UploadVR Tries Wireless Vive Accessory by TPCAST

Subject: General Tech | December 22, 2016 - 10:33 PM |
Tagged: VR, vive, pc gaming, htc

A little over a month ago, we reported on HTC’s announcement of the wireless upgrade kit for their Vive. It was created by TPCAST, which was a participant in HTC’s VR startup accelerator. The actual upgrade kits won’t ship until early 2017, but UploadVR was given some time with the wireless accessory. The video was shot in the UploadVR office, which makes this the first public usage outside of a controlled event as far as I am aware, but TPCAST was present.

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Image Credit: UploadVR

It apparently works. The previewer didn’t have any real complaints about its performance versus wired, and they were satisfied with its tracking, despite doing flips and other maneuvers to try to break communication with the wireless bases. This is promising, as the 60 GHz signal, used by the wireless adapter, can be picky about anything except direct line-of-sight. That said, the video base station is designed to be placed on the ceiling, with a 160-degree FOV, so it shouldn’t be too obstructed in almost any scenario.

According to UploadVR, TPCAST claims that it adds less than 2ms of delay.

While we are on this topic, there have been rumors that HTC might announce (probably just announce) a replacement to the original VIVE unit. One possibility is that it is basically the same system, just with the wireless functionality built in, making this upgrade kit sufficient for first-generation adopters. That would probably be the only scenario, at least that I can think of, which doesn’t involve a bunch of angry 2016 buyers, though.

We’ll see when CES rolls around.

Source: UploadVR

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December 23, 2016 | 02:47 AM - Posted by prtskg (not verified)

I hope all VR headsets will be sold with both wire and wireless facilities for best performance.

December 23, 2016 | 03:45 AM - Posted by Anonymous (not verified)

Note that their testing involved hiring a Cirque du Soleil gymnast to film doing a backflip with it on, but did not involve them actually doing any latency testing. No measurements with a latency tester (plenty of the DK2-era latency testers released a few years ago are still around), not a comparison between cabled and wireless using a HDMI splitter and a high-speed camera, not even a quick test swapping between the wireless link and stock cables.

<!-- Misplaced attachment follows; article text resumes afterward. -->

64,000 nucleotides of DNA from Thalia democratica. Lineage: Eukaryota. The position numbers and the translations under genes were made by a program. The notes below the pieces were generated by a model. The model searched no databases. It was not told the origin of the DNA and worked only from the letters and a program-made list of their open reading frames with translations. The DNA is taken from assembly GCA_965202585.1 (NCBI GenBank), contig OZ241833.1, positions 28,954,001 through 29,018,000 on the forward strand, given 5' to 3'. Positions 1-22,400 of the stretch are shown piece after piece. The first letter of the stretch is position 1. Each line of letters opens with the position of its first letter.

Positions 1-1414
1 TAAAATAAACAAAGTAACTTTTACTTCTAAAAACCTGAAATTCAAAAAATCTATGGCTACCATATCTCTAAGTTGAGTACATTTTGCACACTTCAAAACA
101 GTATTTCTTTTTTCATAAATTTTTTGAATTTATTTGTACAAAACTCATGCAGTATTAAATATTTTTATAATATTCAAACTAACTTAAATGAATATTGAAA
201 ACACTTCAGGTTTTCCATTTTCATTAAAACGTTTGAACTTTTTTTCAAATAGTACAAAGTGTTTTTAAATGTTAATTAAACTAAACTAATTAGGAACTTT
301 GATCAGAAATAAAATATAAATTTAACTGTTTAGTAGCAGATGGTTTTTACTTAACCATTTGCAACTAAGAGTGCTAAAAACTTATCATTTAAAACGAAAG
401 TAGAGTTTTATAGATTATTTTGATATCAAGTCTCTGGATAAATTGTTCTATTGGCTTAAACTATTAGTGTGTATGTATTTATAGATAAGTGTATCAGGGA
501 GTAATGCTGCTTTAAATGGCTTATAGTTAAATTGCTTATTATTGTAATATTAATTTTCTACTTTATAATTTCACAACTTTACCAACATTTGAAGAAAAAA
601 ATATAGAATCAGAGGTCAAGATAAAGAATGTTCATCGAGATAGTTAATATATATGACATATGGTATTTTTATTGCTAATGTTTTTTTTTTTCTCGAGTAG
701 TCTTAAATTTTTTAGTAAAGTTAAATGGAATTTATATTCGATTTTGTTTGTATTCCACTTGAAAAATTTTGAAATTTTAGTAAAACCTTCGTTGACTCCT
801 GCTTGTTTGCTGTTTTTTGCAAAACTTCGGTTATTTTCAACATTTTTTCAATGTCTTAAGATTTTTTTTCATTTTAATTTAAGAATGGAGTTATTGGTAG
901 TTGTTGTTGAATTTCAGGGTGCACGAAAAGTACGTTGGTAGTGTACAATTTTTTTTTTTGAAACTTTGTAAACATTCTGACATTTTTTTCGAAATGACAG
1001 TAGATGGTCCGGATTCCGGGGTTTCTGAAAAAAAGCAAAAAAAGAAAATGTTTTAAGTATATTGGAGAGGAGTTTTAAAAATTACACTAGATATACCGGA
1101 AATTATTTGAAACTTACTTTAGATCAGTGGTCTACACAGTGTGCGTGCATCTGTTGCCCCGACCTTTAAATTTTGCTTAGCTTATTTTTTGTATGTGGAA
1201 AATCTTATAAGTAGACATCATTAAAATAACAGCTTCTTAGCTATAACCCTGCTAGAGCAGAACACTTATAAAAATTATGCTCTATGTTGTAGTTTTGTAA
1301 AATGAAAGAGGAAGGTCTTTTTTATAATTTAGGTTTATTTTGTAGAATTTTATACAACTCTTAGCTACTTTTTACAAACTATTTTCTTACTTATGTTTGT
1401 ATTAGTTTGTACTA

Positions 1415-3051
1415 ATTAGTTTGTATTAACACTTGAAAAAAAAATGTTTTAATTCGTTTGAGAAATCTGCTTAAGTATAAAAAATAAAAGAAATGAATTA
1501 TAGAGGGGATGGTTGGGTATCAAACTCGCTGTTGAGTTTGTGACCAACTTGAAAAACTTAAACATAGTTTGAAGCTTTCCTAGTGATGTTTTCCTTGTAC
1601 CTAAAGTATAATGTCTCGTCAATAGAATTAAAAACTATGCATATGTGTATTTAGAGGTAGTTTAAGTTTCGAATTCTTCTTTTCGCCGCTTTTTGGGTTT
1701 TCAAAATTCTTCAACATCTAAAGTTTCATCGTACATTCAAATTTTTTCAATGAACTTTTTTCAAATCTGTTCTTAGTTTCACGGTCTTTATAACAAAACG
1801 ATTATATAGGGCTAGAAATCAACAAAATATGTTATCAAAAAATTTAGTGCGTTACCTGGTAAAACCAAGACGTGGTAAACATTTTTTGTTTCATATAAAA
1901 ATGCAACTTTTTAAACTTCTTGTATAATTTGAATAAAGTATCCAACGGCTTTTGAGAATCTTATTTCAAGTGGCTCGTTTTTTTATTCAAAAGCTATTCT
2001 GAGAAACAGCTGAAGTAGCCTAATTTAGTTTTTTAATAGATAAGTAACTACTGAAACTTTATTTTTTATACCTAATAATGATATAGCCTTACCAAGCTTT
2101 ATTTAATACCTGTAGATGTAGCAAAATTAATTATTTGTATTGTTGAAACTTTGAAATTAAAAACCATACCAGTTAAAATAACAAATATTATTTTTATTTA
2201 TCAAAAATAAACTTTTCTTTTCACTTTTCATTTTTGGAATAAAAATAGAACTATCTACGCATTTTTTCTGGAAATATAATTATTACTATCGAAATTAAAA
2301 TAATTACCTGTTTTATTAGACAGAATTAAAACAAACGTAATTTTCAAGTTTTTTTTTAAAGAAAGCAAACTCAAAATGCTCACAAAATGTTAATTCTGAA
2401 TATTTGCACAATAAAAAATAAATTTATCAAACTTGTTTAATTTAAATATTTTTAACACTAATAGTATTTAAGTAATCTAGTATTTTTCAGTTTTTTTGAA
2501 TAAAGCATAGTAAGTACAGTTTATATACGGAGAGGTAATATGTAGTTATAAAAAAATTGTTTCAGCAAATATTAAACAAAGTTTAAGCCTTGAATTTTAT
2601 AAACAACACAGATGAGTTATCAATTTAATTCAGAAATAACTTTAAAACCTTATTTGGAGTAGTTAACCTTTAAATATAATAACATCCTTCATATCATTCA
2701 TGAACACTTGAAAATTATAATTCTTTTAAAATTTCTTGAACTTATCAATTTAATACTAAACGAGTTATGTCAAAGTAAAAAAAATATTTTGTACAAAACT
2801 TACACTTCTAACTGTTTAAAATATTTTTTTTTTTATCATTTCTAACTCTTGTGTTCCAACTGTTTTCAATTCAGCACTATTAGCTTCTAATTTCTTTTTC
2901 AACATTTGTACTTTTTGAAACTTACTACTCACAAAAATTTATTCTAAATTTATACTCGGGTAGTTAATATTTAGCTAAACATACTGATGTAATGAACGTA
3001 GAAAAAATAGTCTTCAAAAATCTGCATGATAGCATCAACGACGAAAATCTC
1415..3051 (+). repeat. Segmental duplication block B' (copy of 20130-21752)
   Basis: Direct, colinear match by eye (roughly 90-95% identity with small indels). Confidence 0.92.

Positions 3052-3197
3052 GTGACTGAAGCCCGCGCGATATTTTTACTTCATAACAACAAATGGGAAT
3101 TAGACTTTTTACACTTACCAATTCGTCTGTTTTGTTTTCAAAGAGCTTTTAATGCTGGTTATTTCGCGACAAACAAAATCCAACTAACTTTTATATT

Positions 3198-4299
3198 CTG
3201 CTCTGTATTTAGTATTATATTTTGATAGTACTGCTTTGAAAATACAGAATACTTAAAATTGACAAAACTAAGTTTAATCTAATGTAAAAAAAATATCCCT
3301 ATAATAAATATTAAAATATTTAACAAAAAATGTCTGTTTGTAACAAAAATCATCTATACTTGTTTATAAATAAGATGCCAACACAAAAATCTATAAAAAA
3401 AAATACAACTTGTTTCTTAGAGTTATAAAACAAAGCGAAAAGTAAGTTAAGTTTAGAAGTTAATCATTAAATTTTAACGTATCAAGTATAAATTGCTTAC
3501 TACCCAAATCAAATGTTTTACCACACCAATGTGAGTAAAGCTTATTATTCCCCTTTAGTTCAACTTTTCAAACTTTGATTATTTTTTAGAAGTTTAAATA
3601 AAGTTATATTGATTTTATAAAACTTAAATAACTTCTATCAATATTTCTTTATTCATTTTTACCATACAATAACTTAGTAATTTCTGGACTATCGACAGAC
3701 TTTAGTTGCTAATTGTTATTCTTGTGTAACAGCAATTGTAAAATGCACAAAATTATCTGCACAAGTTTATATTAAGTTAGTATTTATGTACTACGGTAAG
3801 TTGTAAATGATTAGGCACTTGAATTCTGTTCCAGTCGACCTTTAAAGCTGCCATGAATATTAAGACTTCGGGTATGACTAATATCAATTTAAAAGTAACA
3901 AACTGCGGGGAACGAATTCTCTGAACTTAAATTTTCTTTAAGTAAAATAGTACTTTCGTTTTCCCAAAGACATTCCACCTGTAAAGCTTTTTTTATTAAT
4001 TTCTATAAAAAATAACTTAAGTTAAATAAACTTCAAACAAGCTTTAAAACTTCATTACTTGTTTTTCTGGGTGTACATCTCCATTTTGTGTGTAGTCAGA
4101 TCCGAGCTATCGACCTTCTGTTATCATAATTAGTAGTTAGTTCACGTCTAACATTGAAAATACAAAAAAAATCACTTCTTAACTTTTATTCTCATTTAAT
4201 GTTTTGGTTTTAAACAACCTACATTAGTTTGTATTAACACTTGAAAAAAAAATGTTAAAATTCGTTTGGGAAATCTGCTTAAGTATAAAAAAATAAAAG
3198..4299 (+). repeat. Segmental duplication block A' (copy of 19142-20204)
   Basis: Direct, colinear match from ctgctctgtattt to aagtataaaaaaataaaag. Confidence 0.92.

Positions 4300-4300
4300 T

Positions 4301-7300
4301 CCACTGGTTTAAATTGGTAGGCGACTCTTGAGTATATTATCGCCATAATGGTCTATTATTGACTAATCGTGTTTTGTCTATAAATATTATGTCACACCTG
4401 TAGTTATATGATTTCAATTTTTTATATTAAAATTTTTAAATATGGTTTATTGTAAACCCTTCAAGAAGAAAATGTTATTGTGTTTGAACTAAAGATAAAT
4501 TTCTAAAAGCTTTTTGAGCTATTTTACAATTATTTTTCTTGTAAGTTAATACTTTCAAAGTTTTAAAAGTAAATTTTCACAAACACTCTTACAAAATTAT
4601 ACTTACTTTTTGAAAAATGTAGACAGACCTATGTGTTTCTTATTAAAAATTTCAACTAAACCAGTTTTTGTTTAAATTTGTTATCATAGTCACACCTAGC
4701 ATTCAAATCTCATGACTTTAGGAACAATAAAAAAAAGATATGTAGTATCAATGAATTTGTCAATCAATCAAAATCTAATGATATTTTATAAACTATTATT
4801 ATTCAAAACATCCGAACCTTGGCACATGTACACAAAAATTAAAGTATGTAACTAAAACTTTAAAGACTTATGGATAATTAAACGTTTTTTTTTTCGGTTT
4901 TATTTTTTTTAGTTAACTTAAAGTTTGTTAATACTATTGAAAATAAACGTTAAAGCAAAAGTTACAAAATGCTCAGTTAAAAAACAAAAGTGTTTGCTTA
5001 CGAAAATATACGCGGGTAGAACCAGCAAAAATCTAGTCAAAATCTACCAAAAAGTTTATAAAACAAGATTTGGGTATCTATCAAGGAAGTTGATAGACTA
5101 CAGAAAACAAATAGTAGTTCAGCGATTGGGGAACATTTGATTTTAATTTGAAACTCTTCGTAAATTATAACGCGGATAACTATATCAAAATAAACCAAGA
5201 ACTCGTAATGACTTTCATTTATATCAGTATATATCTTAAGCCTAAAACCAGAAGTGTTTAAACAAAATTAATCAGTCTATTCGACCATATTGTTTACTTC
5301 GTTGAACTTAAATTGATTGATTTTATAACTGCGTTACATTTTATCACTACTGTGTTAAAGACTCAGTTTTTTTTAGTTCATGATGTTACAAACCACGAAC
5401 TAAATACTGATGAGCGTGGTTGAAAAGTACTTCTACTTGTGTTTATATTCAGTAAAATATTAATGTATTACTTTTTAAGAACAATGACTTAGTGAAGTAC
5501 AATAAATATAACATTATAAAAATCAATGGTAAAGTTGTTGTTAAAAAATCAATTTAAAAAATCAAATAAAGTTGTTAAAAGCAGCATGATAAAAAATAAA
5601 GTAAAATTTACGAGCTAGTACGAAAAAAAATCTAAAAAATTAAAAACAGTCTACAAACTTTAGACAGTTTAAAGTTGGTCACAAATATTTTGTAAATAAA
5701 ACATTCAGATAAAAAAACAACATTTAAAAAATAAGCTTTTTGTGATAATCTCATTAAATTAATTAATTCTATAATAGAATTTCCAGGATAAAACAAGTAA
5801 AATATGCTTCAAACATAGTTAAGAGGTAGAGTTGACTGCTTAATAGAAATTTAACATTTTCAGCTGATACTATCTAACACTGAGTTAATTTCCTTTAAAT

Combined with TPLink being completely silent on the actual method of functioning of their hardware (no mention as to what RF standard is being used, no mention of what compression they are using and/or where it is implemented), and dodgy practices like deleting the "15ms latency" figure from their website leaving only the ">1ms transmission latency" figure (which could mean '1ms transition latency plus 14ms encode/decode latency' and still be technically correct), this just continues to raise red flags as to it being an actually viable device.

December 23, 2016 | 06:23 AM - Posted by maonayze

Firstly, it didnt say it was a test or benchmark. It says First Look, nothing more. They were impressed by it and it seemed to work well as far as experiencing the unit was concerned. Surely this is good news.

If a guy can back flip and cartwheel without being disorientated or falling over (or giving us a view of his breakfast) then it works fairly well IMHO. At the end of the day this is the first wireless VR product that is being produced and seen in the open. If that makes everyone else take the challenge on board (inc Valve/HTC), again...that is a good thing and it seems that wireless is coming quicker than we could have expected in VR and that is great news for everyone.

If the experience is working well enough in reality then latency numbers mean nothing when on paper. Too many people will get all scientific and techie about the numbers...just like GFX card FPS. Too many worrying if their chosen tech is at the top of some numbers tree instead of concentrating on the experience itself. As long as it all works well, that is all that matters.

December 29, 2016 | 09:33 AM - Posted by Anonymous (not verified)

"If a guy can back flip and cartwheel without being disorientated or falling over (or giving us a view of his breakfast) then it works fairly well IMHO"

If the same guy can backflip or cartwheel with his eyes closed, then the 'test' is completely worthless.

December 23, 2016 | 01:57 PM - Posted by Aaron J. Peterson (not verified)

There is a huge difference between the IMU-adjusted update rate - which would allow someone to maintain balance - and the latency of putting new pixels on the display, where game immersivity is on the line. They took the time to hire an acrobat, but not take the 5 minutes to throw up some preliminary, "first look" latency numbers. We did not get good information in the one area it really matters for wireless VR, just smoke and mirrors.

January 2, 2017 | 08:38 AM - Posted by Reuben Ahmed (not verified)

They've said the wireless device adds an "additional 2ms" to the lag chain. What I'm going ot guess is the 15ms reading we had before, was probably 15ms total now. Does anyone know what Vive's lag is? Now I'm guessing it's 13ms, hah!

Supposedly anything under 20ms is OK. 2ms is not that much to discern..I seriously doubt a human is capable. 10ms on the other hand...

January 2, 2017 | 08:41 AM - Posted by Reuben Ahmed (not verified)

I was right, according to this article, Vive is 13ms without this kit. That's where that 15ms came from.


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